Mars may be more toxic to life than we thought

Mars may be more toxic to life than we thought

Life on Mars … does it exist? According to the date on which the past came with the news of the red planet, we could probably be convinced anyway.

As we discovered more and more of the composition and dynamics of the planet Mars, it was not so much an emotion and disappointment with the likelihood that organic life could consume the planet.

The pendulum has returned to the ‘no’ side today with the publication of a study examining how a special type of salt on Mars interacts with ultraviolet radiation there.

Mars soil is surrounded perchlorates, an ion composed of a chlorine atom and four oxygen atoms and binds to a number of different elements to form various compounds.

It is classified as a salt, and is initially caused to hold between alien minds, as it significantly reduces the freezing point of the water, which means that the liquid H20 could exist on the surface. It can also be used to produce rocket fuel and oxygen, another advantage for future settlers.

Salt march

It turns out that these perchlorates are actually very toxic to life when they bathe in the UV light that bites Mars. Center for Astrobiology UK researchers at the University of Edinburgh have discovered a strain of bacteria commonly found in a spacecraft at levels of perchlorate and UV light found on the red planet and found that almost everyone died within a minute .

They treated this with several different types of perchlorate, and found similar results every time. By adding additional environmental factors found on Mars, such as low temperatures, additional minerals found on Mars and lack of oxygen have also failed to keep the bacteria alive.

This was a bit surprising to researchers because the strain of bacteria used, Bacillus subtilis, belongs to a genus that works well in the presence of perchlorates, as confirmed by studies of microbes in the terrestrial environment. These results were initially good news for researchers seeking extraterrestrial life, as they suggest that some life forms could survive in similar Martian conditions.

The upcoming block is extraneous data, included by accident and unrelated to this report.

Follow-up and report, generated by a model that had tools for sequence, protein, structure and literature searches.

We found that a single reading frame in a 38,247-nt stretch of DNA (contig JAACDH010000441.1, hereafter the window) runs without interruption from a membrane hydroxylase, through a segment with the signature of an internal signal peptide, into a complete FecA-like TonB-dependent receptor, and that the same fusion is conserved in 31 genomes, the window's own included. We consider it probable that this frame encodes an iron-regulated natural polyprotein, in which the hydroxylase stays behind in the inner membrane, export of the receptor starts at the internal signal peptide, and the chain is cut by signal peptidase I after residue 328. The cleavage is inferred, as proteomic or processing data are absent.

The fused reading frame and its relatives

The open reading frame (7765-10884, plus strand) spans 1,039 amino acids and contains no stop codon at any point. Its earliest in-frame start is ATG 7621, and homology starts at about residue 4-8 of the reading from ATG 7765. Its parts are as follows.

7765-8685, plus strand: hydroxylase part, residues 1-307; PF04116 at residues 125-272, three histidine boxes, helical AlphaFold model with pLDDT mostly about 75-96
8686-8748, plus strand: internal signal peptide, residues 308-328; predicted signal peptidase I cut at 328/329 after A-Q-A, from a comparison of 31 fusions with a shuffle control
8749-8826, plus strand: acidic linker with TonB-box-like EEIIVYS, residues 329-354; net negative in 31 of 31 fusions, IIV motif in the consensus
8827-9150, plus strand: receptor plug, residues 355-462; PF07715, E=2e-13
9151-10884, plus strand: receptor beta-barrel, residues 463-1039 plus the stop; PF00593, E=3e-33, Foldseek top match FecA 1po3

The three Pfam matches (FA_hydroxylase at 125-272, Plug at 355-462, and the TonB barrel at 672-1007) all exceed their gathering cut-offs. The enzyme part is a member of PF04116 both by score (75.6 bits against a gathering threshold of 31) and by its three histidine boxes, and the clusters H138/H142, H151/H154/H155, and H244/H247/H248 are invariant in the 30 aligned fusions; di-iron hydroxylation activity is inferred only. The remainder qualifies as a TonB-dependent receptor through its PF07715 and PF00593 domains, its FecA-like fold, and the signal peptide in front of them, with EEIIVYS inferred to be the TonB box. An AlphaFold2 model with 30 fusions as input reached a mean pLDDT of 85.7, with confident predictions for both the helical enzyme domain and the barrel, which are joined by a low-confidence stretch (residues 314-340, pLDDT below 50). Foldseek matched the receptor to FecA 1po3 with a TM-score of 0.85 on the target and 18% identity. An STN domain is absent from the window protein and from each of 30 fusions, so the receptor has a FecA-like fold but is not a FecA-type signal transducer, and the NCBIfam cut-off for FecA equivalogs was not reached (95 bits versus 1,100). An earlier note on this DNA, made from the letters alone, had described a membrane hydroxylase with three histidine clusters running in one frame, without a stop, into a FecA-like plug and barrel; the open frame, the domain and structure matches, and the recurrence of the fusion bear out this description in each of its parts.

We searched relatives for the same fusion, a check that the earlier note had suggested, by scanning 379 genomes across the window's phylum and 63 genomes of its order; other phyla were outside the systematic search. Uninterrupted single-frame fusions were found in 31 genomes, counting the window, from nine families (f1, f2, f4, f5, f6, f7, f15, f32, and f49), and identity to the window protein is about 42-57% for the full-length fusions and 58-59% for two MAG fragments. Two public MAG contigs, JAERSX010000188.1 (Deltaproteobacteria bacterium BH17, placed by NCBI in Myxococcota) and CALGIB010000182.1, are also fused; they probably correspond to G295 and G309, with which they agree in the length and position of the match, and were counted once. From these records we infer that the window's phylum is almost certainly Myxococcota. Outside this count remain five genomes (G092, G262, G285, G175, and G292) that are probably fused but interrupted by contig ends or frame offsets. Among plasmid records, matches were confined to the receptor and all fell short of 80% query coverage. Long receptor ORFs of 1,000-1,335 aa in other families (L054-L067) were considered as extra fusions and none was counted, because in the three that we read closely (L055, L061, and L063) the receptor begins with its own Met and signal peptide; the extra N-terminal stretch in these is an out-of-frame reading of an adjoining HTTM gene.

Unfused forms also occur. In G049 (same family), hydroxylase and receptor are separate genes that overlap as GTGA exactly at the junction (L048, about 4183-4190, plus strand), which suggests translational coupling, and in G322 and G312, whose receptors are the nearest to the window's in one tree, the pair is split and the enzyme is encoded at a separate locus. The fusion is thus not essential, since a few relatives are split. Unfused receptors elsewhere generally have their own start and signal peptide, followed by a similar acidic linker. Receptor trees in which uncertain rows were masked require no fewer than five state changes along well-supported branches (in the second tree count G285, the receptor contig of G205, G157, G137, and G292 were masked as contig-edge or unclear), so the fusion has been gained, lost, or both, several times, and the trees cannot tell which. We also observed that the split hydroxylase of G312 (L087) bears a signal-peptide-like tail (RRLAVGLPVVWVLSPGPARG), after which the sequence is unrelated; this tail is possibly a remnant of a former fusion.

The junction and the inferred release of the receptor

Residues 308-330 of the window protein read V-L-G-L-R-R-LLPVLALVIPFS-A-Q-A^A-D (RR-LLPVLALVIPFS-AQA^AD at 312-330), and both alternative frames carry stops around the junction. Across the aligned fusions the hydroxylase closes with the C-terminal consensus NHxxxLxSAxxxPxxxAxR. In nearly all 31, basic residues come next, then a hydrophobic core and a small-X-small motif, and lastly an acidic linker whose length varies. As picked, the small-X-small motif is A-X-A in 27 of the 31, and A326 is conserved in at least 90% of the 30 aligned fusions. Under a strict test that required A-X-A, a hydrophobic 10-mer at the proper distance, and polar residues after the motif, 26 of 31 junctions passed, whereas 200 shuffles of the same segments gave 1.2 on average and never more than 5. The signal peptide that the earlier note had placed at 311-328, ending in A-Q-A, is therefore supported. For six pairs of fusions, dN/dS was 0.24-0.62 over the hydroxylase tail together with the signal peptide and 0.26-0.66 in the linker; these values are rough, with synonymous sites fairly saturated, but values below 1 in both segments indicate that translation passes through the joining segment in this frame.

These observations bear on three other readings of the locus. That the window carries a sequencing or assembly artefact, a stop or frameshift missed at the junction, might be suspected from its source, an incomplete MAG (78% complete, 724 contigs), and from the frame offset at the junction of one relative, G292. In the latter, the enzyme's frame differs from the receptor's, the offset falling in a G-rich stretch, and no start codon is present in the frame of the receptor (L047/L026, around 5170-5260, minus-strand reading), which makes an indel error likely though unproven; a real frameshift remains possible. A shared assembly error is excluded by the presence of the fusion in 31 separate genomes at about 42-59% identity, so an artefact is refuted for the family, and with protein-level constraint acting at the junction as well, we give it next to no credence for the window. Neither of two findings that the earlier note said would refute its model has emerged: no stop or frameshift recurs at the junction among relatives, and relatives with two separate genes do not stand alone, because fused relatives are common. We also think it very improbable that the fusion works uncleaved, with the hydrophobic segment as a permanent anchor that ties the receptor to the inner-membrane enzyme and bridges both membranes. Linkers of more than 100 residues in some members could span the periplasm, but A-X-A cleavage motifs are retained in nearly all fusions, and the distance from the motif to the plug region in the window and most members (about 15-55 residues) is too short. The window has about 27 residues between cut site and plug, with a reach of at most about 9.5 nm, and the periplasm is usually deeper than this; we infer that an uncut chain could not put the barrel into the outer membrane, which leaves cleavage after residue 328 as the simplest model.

It takes more than salt

There are more on Mars than just the ground, and when Edinburgh researchers have added some other factors similar to those of Mars – UV in particular – the bacteria is dead in no time.

They believe it happens because ultraviolet light separates perchlorate molecules into reactive ions that wreak havoc on living cells. This hypothesis was supported by the observation that low temperatures, which slow chemical reactions, prolonged the life of the bacteria in perchlorate but still resulted in their deaths.

If they can not survive there, this greatly reduces the chances of finding life on Mars – a life-like organisms on Earth at least. The researchers published their findings Thursday in Scientific Reports Nature.

Although it is a stroke of luck to find life on Mars, there is at least an increase of the news: NASA regularly worried about the possibility of contaminating other planets with terrestrial bacteria, even going up to crash sensors in Saturn so that they do not collide with The moons of the planet.

If Mars is so hostile to bacteria they can not even take a minute Our fears of surface contamination could be solved.

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